• 02.03.15

How An Intergalactic “Powers Of 10” Inspired The iPad’s Most Beautiful New App

Earth: A Primer is a fully interactive geology textbook that doesn’t just explain the planet. It simulates it.

Earth: A Primer is like a geology textbook for the Diamond Age: an iPad app in the style of Neil Ardley and David Macaulay’s The Way Things Work that explains and simulates the ways in which lava, wind, temperature, and water shape our planet. It even has a built-in simulator that lets a reader play god, channelling millennia worth of unfathomable geological forces through their fingertips as they carve out canyons, grow volcanos, smash continents together, and more.


Designed by programmer Chaim Gingold, is so effortlessly beautiful that as I messed around with it, I thought it was bound to show up in an official Apple ad one day or another. That’s how perfectly it realizes the promise of a truly interactive textbook. Yet Earth: A Primer did not start as a book at all. It started as a galaxy-spanning game–someone else’s galaxy-spanning game.

The path to Earth: A Primer begins with Will Wright, a legendary game designer responsible for EA’s classic SimCity games. Wright, hot off of his creations of the first Sims game, was looking for a new idea for a game in 2002. After watching Charles and Ray Eames’s classic short film, Powers of 10, Wright had an epiphany: what if you modeled life in a video game the same way, simulating single-celled organisms in the primordial ooze and then expanding the scale, layer by layer, until you were modeling an entire galactic civilization?

Wright called his game idea Spore, and Gingold, hearing Wright talk about it at the Game Developer’s Conference in 2002, was riveted. A Georgia Tech PhD student at the time, he asked Wright if he needed an intern. So the Sims creator gave him a challenge: if Gingold had to model any civilization in the universe using ten (and only ten) parameters, what would they be? Gingold hit the library, read the influential historical text Guns, Germs, and Steel, and wrote his response: a list of 10 civilization-building variables ranging from cultural identity to the way creatures experience time.

Gingold’s answer impressed Wright, and from there spent the next six years—first as an intern, and then an employee of Wright’s studio Maxis—building a series of tools for the Spore project. Some, like the creature builder, can be seen in the finished game. Others, like a a Powers of 10-style architecture simulator, never saw the light of day.

Gingold left Maxis a year before Spore was released, ultimately realizing that he was working in the wrong medium. Spore was well received both critically and commercially, though it was not the success that, say, The Sims was. One thing critics noted was that it was more a collection of simulations than a game in its own right, which Gingold says the team was aware of as early as 2004. “There was this huge universe, but no real gameplay path through it yet,” he says. “It was as much of an existential question as life is: this big, empty cosmos, staring indifferent at the player.”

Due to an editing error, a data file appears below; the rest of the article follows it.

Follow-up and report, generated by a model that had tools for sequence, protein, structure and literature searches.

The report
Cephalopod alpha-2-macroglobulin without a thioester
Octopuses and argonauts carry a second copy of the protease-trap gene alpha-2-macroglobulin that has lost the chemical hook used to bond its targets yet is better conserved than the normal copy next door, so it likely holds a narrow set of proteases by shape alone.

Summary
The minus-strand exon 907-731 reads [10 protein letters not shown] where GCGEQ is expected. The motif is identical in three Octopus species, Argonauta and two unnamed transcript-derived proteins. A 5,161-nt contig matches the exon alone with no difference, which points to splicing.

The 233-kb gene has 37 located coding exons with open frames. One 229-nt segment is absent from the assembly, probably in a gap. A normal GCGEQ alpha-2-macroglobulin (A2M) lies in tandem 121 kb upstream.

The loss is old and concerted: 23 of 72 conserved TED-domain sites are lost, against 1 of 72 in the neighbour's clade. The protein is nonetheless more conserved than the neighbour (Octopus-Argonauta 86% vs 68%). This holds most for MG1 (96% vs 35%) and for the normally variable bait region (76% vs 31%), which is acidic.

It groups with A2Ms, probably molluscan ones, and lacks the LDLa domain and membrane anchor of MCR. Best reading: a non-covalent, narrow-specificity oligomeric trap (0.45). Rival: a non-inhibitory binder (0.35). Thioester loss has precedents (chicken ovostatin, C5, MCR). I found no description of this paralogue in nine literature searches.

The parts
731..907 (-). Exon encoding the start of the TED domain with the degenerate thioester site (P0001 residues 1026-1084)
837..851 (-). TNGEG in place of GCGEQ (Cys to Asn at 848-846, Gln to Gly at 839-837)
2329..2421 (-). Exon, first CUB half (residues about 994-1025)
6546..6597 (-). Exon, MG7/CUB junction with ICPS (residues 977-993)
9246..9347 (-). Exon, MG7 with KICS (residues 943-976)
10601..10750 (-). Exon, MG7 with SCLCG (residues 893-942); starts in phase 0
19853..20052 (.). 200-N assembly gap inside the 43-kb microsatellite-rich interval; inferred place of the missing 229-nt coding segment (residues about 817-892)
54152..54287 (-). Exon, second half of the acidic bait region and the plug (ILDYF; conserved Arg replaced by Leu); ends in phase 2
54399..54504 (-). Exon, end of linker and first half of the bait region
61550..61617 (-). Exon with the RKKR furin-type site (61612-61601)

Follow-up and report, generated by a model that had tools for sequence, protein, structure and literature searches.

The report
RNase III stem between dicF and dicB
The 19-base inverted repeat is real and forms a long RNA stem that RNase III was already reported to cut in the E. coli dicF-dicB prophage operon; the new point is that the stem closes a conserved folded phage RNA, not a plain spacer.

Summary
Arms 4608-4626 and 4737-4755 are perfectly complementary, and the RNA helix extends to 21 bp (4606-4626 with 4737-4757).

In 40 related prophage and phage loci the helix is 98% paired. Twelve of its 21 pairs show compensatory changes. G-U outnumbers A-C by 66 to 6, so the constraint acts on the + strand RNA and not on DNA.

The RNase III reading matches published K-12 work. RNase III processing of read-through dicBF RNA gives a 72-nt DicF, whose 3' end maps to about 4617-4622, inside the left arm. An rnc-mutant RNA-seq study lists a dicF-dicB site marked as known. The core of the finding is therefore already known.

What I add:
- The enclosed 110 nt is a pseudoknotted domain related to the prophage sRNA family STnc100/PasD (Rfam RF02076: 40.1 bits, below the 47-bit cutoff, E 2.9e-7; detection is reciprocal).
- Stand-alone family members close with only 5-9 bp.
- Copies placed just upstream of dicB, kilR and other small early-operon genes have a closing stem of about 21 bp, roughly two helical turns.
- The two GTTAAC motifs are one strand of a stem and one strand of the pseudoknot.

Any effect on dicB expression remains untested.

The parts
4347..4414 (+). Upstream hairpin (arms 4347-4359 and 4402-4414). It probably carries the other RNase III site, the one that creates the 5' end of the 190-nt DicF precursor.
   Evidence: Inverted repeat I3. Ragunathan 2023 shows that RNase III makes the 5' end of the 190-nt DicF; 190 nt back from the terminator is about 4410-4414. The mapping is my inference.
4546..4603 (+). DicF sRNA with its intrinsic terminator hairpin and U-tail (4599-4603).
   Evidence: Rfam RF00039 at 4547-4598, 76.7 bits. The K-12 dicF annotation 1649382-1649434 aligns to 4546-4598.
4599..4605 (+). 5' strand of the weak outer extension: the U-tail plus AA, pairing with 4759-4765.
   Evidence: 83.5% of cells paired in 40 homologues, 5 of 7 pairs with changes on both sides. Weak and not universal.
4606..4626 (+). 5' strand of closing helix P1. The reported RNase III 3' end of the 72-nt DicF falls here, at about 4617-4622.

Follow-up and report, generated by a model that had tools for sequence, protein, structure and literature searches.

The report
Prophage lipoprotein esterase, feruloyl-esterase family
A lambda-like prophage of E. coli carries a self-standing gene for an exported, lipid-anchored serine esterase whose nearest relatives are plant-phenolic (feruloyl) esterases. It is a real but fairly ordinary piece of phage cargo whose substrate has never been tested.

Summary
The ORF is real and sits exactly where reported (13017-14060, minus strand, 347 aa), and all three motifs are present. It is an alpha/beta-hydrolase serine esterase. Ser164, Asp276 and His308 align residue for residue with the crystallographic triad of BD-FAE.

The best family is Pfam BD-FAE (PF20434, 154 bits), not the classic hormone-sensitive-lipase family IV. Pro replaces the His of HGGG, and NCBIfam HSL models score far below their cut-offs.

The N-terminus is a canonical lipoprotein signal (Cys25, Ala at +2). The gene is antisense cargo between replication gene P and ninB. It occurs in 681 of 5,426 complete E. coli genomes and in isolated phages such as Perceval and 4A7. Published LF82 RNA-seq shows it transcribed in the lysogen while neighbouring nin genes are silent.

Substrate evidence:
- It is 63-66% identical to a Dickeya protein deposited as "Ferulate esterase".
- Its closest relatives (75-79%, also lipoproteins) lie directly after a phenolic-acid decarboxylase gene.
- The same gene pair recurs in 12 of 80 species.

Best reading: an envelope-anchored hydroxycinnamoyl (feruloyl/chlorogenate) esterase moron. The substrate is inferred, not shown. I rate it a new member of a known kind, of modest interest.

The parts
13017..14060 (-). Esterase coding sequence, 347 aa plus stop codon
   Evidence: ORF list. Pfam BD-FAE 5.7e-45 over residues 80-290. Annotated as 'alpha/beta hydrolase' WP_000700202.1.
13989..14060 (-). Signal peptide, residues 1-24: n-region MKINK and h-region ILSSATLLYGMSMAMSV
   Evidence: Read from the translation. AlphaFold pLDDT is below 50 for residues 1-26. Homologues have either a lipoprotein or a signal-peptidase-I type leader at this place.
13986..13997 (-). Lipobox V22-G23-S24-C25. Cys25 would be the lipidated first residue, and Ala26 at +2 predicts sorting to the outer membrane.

But Gingold loved making simulators, and after leaving Maxis, he spent the next few years creating a “treasure trove” of prototypes that simulated various systems. But while these simulations were intellectually fascinating, they just stared blankly at the player no matter how they fit together. Then, in 2011, Gingold had an epiphany: maybe he wasn’t working on a game. Maybe he was working on a book.

“One of the most important experiences for me is a sense of wonder in the natural world,” says Gingold. “I’ll never forget seeing Cosmos for the first time, and experiencing this sense of my own smallness and how interconnected the world I lived in was. I’ve always wanted to help other people see things that way, but I think I was doing it in the wrong genre.”


As such Earth: A Primer is the natural convergence of an entire life’s worth of influences: people like Jared Diamond, David Macaulay, Charles and Ray Eames, and Will Wright; the mountains he was surrounded by growing up in West Virginia’s coal country; his love of using logic to figure out how to model what the universe manages naturally. Yet ultimately, what makes him happiest about the interactive book is seeing what other people get out of it.

“My agenda as a designer in this project was to push forward the conversation about what interactive books can be like,” he tells me. “The other day, I was showing it off on Facebook, and my old first grade teacher, Miss Pickles, told me how she wished they’d had textbooks like this back in her day. I hope other people love it as much as she does.”

You can download Earth: A Primer from the App Store for $10 here.